After launching in 2015, the program changed some of its course offerings to account for students with different levels of programming experience. Now, PSM in GIS students take a required introductory programming course, and those who want to further develop their programming skills take the advanced application development course that’s required for the PSM in GDS program.
“We think the PSM in GDS program is going to be really valuable for students that want to go in the direction of machine learning and big geospatial data and data science type positions,” Hachadoorian said. “They’ll be very well positioned for sort of the traditional data science tasks, as well as having a strong understanding of the nature of spatial data and spatial data handling.”
And because of Temple’s affiliation with the National Professional Science Master’s Association, both geospatial master’s programs have a required course in ethics and professional practice. Hachadoorian said this course is essential because the arenas that GIS is typically used for impact people’s lives in crucial ways. The program trains students to catch ethical red flags in their work.
“As analysts, we need to be aware of that and how our choices are going to strongly affect people’s experiences,” he added.
The positive impact for alumni
Hachadoorian said it’s thrilling to see students’ success after they’ve graduated from the program. He expects the skills that students learn in Temple’s geospatial master’s programs to benefit them for years to come.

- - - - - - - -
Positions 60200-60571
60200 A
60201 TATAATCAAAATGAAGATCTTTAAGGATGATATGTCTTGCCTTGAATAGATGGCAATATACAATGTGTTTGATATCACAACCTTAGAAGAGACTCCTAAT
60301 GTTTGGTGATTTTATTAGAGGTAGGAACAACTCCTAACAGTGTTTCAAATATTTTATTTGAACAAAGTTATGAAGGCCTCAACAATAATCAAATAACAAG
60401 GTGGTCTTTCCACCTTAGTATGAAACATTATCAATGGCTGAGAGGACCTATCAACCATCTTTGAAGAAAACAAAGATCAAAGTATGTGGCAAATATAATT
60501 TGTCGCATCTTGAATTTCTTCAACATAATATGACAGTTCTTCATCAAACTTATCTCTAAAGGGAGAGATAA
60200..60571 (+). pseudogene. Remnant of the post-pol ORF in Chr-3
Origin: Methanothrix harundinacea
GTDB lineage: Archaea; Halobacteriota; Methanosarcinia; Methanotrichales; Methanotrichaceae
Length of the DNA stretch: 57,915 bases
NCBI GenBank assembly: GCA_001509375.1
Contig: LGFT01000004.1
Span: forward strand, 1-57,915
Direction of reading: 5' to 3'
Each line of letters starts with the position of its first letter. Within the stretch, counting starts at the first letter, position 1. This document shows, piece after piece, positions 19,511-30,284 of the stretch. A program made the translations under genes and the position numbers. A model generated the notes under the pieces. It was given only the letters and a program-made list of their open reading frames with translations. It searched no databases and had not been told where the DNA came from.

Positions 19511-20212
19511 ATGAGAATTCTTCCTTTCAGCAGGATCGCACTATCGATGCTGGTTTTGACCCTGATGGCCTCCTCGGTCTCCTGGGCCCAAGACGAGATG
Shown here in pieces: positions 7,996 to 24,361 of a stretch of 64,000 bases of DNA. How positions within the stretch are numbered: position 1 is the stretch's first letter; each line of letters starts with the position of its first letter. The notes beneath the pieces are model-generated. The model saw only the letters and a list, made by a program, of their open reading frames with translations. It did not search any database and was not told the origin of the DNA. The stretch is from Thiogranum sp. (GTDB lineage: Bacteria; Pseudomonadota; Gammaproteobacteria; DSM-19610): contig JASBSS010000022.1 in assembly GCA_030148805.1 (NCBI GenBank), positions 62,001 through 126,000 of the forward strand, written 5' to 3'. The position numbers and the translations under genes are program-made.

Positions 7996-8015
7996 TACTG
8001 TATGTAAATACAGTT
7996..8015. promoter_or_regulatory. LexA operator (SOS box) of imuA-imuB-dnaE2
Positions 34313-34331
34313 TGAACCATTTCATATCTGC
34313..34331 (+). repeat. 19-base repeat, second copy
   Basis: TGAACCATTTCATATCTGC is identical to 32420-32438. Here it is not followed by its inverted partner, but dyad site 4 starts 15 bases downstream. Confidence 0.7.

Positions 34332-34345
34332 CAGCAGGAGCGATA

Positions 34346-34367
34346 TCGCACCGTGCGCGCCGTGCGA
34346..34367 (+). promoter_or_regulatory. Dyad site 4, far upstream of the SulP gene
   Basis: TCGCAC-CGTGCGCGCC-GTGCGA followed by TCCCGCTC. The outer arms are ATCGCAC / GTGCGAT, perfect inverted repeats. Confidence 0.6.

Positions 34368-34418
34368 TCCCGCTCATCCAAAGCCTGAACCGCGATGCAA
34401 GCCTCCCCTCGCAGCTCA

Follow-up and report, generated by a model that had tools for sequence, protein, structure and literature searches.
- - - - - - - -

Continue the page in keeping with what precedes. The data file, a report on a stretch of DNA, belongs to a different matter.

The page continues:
Both programs provide an academic route toward real-world, professional advantages. As a programming and GIS rookie starting the program, Simmons said her lifelong interest in social science was quickly piqued when she saw the capabilities of GIS. After graduating, she was able to apply her passion for matters of public good at the Reinvestment Fund, supporting nonprofits and philanthropic organizations with the skills she acquired at Temple.
The structure of the PSM in GIS program allowed for professional development in the field, Simmons said. The graduate track solely offers night classes, so students can spend their days working on professional activities, such as full-time jobs or internships.
During her final semester in the program, Simmons was a GIS intern at the Reinvestment Fund. Before even graduating, Simmons was working there full-time and used one of her work projects as her graduate thesis.
“Professional development is built into the program,” she added. “It’s definitely geared toward the idea that you’re going to graduate with this degree and they’re going to assist you with getting into some form of a data analytics profession.” Sonntag, similarly, balanced professional and academic responsibilities while studying for the PSM in GIS degree. He was a full-time employee at the defense contractor BAE Systems before graduating and moving to Comcast.
Sonntag also used the PSM in GIS program as a professional leverage point, since his job encouraged him to pursue the advanced degree so he could move up in the company.
“I jumped at the opportunity,” Sonntag said. “The program quite literally expanded my career, and I immediately got my job at Comcast. I went from a stepping stone to working for the peak of Philadelphia at Comcast.”